Saturday, December 06, 2014

SUDEP The Global Conversation Combating The Myth That Seizures Do Not Kill

Many with autism disorders also suffer from epileptic seizures and should be aware of the risk of SUDEP, Sudden Unexpected Death in Epilepsy.  The following is a News Release about SUDEP the global conversation a joint effort of several epilepsy and SUDEP awareness ogranizations in the US, Canada and Australia:

Families, researchers, clinicians and organisations unite to promote a global conversation on sudden death in epilepsy

A global collaboration of charities, researchers and families has created a unique online knowledge resource on sudden deaths in epilepsy. This new, web-based ’Global Conversation’ combats the myth that seizures do not kill.

Sudden Unexpected Death in Epilepsy (SUDEP) is when a person who has epilepsy dies suddenly and unexpectedly, with no other cause of death established. It accounts for the majority of deaths in people with chronic epilepsy. Deaths are also caused by accidents, status epilepticus, and suicide. 

Jane Hanna, one of the editors, who has campaigned for awareness and action on epilepsy deaths since her partner died suddenly in his sleep, aged 27, in 1990 said: “The mortality burden of SUDEP alone is high, second only to stroke amongst all neurological disorders because so many of the sudden deaths are in young people. Most people with epilepsy will live a full and normal life but we need to acknowledge the risks, especially with convulsive and night-time seizures. There are simple measures that can be taken that are known to reduce risk that people may want to know and try.“

The new ‘Global Conversation’ website combines the latest research by international experts with the powerful accounts of bereaved families making it easily accessible to anyone in the world.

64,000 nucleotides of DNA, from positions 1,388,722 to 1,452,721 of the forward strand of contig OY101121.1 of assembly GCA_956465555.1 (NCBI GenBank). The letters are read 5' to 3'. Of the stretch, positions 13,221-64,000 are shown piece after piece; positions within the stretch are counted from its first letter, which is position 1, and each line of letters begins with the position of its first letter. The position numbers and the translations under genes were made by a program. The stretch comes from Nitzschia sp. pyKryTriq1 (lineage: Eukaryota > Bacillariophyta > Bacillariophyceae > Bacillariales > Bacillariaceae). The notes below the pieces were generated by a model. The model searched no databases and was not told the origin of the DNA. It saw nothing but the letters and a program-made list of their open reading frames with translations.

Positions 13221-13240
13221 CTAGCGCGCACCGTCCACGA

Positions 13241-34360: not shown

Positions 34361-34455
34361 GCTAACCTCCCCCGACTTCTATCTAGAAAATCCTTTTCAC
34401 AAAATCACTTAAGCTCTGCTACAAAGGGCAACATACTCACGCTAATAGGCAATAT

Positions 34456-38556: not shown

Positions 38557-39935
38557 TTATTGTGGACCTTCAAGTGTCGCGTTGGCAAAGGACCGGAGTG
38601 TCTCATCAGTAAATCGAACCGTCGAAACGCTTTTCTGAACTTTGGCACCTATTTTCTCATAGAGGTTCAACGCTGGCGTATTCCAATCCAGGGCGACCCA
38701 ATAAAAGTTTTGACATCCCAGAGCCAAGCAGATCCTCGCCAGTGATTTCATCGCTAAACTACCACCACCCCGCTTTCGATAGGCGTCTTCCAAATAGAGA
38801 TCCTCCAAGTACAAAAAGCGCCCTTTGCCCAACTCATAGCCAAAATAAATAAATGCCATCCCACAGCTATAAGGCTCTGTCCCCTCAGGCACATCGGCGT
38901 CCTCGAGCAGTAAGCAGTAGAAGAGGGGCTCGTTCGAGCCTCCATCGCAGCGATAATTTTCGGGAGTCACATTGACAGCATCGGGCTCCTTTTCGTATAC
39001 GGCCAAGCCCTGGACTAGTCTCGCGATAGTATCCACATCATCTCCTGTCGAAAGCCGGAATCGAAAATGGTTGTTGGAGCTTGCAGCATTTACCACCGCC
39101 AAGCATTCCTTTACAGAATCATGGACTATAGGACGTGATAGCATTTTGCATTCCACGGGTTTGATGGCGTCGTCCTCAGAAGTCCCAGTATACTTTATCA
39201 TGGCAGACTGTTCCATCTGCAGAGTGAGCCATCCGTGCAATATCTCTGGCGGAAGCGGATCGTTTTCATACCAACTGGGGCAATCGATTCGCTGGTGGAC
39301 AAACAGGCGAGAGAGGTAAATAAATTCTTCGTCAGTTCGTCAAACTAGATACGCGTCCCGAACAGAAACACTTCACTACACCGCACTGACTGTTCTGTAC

The ‘Global Conversation’ will also be promoted at an exhibition at the American Epilepsy Society annual meeting in Seattle, between 6-8 December, 2014 which will be attended by about 4000 delegates. 


For over 100 years, a myth that seizures were not fatal hindered research and action to prevent epilepsy deaths worldwide. The myth was first broken in 1996, when the hard and long journeys of some tenacious families collided with those of pioneering researchers and clinicians from all over the world.

The success of the ‘Global Conversation’ is attributed to a powerful three-way collaboration between SUDEP Action, Epilepsy Australia and Canada’s SUDEP Aware which, together, reach out to research teams from many countries and over 60 experts from around the world, to gather and disseminate the latest information worldwide. It follows SUDEP Action’s (the working name  for Epilepsy Bereaved) campaign during the 1990s, which sparked a partnership between the UK charity and Epilepsy Australia in 2005.

The new, web-based resource follows the success of two books that were produced by the partnership with more than 16,000 hard copies distributed to epilepsy communities around the world at international conferences held in Paris, Rome, Chicago, Montreal, London, Glasgow, Singapore and India, between 2005 and 2014.

The original books online have received more than 300,000 hits. 

Sudden Unexpected Death in Epilepsy (SUDEP) is the term used when someone with epilepsy dies suddenly, often after a seizure that involves a loss of consciousness.

Dr Rosey Panelli, International Research Officer at SUDEP Action, who alongside Tamzin Jeffs, from SUDEP Aware, is promoting the resource at the Annual Conference of the American Epilepsy Society said, “By working together we can push forward the global conversation on SUDEP, which is vital to research and action on SUDEP wherever we are in the world.”

In 2013, SUDEP Action launched a Call for Openness on SUDEP, which is supported by the partnership and by the International League Against Epilepsy (ILAE); the International Bureau for Epilepsy (IBE) and 13 other epilepsy organisations around the world. 

Click here to follow the SUDEP Global Conversation on Facebook


w ford said...

Yes seizure kill for example my maternal aunt died of a seizure in her sleep in 1999 left behind 2 small children. She had seizures from child hood along with her older brother who has a seizure alert dog with him to prevent what happened to her from happening to him. I nearly had a seizure due to low blood sugar unknown cause in january this year it felt like having stroke while going blind thank you lac usc los angeles hospital for saving my life. I have nf1 and autism as well.

Anonymous said...

Thanks for this info, Harold... My son's neurologist wanted to increase his AEDs, and change them around, claiming SUDEP would occur. The little bit of info I was able to unearth indicated a statistically significant correlation with changes in medications. Sometimes I feel like I should have a whole string of additional post-graduate degrees: the research never stops, and requires grad-level effort: who is the author? credible? detractors of the thesis? etc... At least since it's my son, and I'm not publishing, I don't need IRB review.